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English citations of embrighten

  1. Brighten; vivify.
    • 1833, John Graile, Morning and evening prayers, tr. into Engl. verse by J. Blyth [ed. by T. Blyth], page 85:
      […] Thou hast the world embrighten’d with the sky,
      The sky with stars, the stars with light on high;
      Thou hast the earth replenish’d with thy stores,
      Cloth’d it with trees, with herbs, with fruits and
      Whereof are numbers not to be express’d, [flow’rs,
      By various marks distinguish’d from the rest. […]
    • 1835, Richard Cattermole & Henry Stebbing, The Sacred Classics: Or, Cabinet Library of Divinity, page 156:
      Whose garment was before indipt in blood,
      But now, embrighten’d into heav’nly flame,
      The sun itself outglitters, though he should
      Climb to the top of the celestial frame,
      And force the stars to hide themselves for shame:
         Before, that under earth was buried,
         But now above the heav’ns is carried,
      And there for ever by the angels heried.1
    • 1848, Furlong Elizabeth S. Harris, Rest in the Church, page 22:
      Who that has once experienced its untroubled consolation, and afterwards, through temptations of Reason’s vanity or ungoverned thoughts, ‘left’ that ‘first love’, does not look back with a melancholy of heart which no earthly sunshines can embrighten, and no ecstatic lightning-flashes from the clouds of the mind can by a tithe repay, to the unutterable, irreparable loss!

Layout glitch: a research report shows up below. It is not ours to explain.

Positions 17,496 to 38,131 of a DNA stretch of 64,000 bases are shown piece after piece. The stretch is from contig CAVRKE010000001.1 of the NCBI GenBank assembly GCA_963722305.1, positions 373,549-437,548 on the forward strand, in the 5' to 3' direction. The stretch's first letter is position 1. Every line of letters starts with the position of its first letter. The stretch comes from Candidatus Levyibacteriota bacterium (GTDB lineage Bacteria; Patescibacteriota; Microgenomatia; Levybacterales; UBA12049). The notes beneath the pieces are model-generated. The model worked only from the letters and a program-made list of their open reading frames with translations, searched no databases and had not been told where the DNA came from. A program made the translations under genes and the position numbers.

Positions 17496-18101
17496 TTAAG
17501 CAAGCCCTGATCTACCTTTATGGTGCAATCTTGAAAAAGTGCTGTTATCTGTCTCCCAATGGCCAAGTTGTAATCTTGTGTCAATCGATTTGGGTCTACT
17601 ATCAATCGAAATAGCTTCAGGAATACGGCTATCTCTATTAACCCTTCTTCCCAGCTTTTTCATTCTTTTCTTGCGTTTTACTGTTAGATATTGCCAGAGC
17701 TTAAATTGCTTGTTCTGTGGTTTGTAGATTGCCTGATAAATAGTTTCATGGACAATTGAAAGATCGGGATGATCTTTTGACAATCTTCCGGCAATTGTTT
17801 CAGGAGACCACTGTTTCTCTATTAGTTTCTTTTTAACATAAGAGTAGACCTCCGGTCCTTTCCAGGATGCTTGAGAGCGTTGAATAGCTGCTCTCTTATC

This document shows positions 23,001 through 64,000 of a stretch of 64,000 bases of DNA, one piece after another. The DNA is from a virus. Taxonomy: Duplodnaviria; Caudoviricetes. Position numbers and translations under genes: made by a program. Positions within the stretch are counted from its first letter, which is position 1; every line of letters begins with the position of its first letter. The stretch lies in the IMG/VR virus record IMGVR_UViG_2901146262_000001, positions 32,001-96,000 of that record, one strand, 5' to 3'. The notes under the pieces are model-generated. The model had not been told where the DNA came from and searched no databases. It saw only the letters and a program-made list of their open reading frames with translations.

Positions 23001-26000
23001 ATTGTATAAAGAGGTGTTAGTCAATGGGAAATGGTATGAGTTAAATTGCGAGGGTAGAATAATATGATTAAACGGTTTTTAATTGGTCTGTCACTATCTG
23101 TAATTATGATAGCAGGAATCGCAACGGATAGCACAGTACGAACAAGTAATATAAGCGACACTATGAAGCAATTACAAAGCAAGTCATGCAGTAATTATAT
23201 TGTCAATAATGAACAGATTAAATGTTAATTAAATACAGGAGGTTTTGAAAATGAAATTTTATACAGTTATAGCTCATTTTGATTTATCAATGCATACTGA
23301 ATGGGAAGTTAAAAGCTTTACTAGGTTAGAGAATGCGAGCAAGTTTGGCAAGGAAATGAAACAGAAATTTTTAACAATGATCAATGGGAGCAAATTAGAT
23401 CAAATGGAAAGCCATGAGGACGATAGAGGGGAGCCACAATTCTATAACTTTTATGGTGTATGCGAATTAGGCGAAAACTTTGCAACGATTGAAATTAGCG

• 1862, Thomas Hewlings Stockton & Frank Richard Stockton, Poems: With Autobiographic and Other Notes, page 234:
      The wild eagle calls shrill, on the cliff-top alone,
          As to waken the ear of the heroes above;
      While young Liberty smiles from her azure-hued throne,
          And her favorite sons bless the land that they love.
      Here the Spirit of Beauty, midst fountains and flowers,
      Has embrighten’d her colors, and painted the bowers;
      And her rosy cheeks flush, and her starry eyes shine,
      For her dwelling on earth is so like her divine!
    • 1883, St. Claire Baddeley Welbore, Bedoueen Legends, and Other Poems, page 29:
      […] “Wherefore they brought me to the King of Kings,
      “Courting encounter with this Badramoot;
      “But when I viewed the splendour of the King,
      “And saw his face embrighten, like a cloud […]
    • 2004, Margaret Mary Stender, The Greening Springing, page 58:
      And, 0 Prophet, we hope to hear to learn of thee and thy Disciple, a word, or two, or three, to lighten up, embrighten